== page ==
Copenhagen-based Australian singer-songwriter, Carl Coleman, and Danish producer, Caspar Hesselager’s project, Palace Winter, mixes the tenacious energy one would expect from a rock group with smooth chords, moving the listener along. Comparable to Kurt Vile’s The War on Drugs, Palace Winter is poised to take the leap into becoming a full-fledged stadium rock group. Their upcoming album, “Nowadays,” available on 4 May, which promises to encompass the human condition, includes previously released tracks Take Shelter and Empire. If Palace Winter’s recent live performance is anything to go by, the group possesses lyrical depth and masterfully combines climbing melodies with soft pauses. Take Shelter, found in the video above, is an epic, choral ballad about confronting grief and coping with loss. This mood sets the theme for the entirety of “Nowadays,” and sums up Palace Winter’s brooding atmosphere.

The second single (off “Nowadays”) to be released, Empire, premiered on Culture Collide in March. It’s a tad more uplifting than Take Shelter and pays homage to 80’s synth-rock. “Empire,” the second single from their forthcoming album, is an enchanting cut of Northern sorcery.  Icy synths propel the track forward above a textural rhythm of strummed guitars and electronic drums, while dramatic string accents rise like fjords from the frozen sea.  Coleman’s lyrics explore themes of escapism and withdrawal, the airy, layered sound conjuring image of 80s new wave groups like Tears for Fears or Soft Cell.  The guitar work is a real treat here, bringing to mind the spellbinding sounds of the late-great John McGeoch (Siouxsie and the Banshees, Magazine, Public Image Ltd., etc.) in the way the bright, plucked notes gently dance around the synth melodies.  This is that real kind of mystical retro dark-pop, and I can’t get enough of it.”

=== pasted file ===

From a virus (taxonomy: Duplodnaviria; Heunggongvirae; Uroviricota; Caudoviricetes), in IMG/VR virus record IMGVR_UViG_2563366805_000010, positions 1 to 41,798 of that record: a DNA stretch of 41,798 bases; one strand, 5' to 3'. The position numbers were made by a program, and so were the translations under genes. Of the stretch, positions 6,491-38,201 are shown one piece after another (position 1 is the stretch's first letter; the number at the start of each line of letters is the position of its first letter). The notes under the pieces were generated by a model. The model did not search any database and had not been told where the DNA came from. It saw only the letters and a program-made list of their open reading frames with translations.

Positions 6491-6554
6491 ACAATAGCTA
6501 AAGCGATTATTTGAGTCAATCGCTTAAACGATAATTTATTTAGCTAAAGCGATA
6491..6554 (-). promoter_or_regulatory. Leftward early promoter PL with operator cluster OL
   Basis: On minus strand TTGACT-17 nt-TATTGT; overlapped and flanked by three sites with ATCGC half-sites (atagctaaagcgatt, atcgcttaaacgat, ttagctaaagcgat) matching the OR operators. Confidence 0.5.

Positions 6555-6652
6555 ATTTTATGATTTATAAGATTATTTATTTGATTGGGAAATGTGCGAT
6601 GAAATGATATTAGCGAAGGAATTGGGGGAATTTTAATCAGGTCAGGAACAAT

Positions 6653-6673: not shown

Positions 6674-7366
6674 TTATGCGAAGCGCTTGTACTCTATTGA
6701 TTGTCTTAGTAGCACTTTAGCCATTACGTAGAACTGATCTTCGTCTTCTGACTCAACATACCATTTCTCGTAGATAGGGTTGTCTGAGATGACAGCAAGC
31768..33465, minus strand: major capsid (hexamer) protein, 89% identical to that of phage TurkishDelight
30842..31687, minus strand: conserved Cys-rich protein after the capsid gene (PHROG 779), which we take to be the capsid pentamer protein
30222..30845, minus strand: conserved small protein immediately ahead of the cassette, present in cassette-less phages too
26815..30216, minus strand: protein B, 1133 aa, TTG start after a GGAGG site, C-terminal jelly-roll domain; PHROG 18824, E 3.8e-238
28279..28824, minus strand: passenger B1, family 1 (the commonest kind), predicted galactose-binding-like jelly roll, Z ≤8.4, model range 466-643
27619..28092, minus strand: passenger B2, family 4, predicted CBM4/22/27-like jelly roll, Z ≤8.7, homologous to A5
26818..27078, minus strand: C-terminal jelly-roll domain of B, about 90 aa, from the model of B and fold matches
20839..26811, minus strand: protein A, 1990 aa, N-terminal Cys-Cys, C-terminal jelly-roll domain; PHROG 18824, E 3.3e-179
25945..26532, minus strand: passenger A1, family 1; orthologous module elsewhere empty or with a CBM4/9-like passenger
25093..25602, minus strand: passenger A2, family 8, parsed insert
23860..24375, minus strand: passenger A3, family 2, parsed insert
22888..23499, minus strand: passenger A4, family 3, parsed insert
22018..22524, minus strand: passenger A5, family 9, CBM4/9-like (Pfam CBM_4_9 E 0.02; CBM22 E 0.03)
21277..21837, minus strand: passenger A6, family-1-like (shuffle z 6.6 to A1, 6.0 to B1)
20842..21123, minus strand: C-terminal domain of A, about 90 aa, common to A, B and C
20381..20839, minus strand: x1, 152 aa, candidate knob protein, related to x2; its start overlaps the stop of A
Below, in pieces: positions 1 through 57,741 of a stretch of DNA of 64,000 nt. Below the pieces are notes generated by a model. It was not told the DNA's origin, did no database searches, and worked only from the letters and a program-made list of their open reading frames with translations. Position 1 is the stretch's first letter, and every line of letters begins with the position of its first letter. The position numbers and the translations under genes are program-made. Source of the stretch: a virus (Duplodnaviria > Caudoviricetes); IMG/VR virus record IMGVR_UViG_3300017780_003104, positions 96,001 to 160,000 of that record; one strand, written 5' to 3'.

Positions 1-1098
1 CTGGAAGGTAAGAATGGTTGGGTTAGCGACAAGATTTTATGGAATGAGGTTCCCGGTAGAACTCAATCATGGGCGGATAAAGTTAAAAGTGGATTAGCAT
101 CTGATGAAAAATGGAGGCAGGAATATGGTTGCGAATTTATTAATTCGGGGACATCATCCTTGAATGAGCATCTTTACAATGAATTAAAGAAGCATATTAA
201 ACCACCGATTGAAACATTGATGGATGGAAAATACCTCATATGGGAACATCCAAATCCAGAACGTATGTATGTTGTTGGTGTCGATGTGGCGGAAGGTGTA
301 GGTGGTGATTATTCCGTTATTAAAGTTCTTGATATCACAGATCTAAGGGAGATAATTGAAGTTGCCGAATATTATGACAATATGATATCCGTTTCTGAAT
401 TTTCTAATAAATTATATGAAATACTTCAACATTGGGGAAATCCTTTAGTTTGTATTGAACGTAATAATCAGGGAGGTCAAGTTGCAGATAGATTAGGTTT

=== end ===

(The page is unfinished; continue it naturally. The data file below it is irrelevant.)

Between these two tracks, Nowadays promises to be a journey. Listen to Empire below, followed by photos from a recent live performance.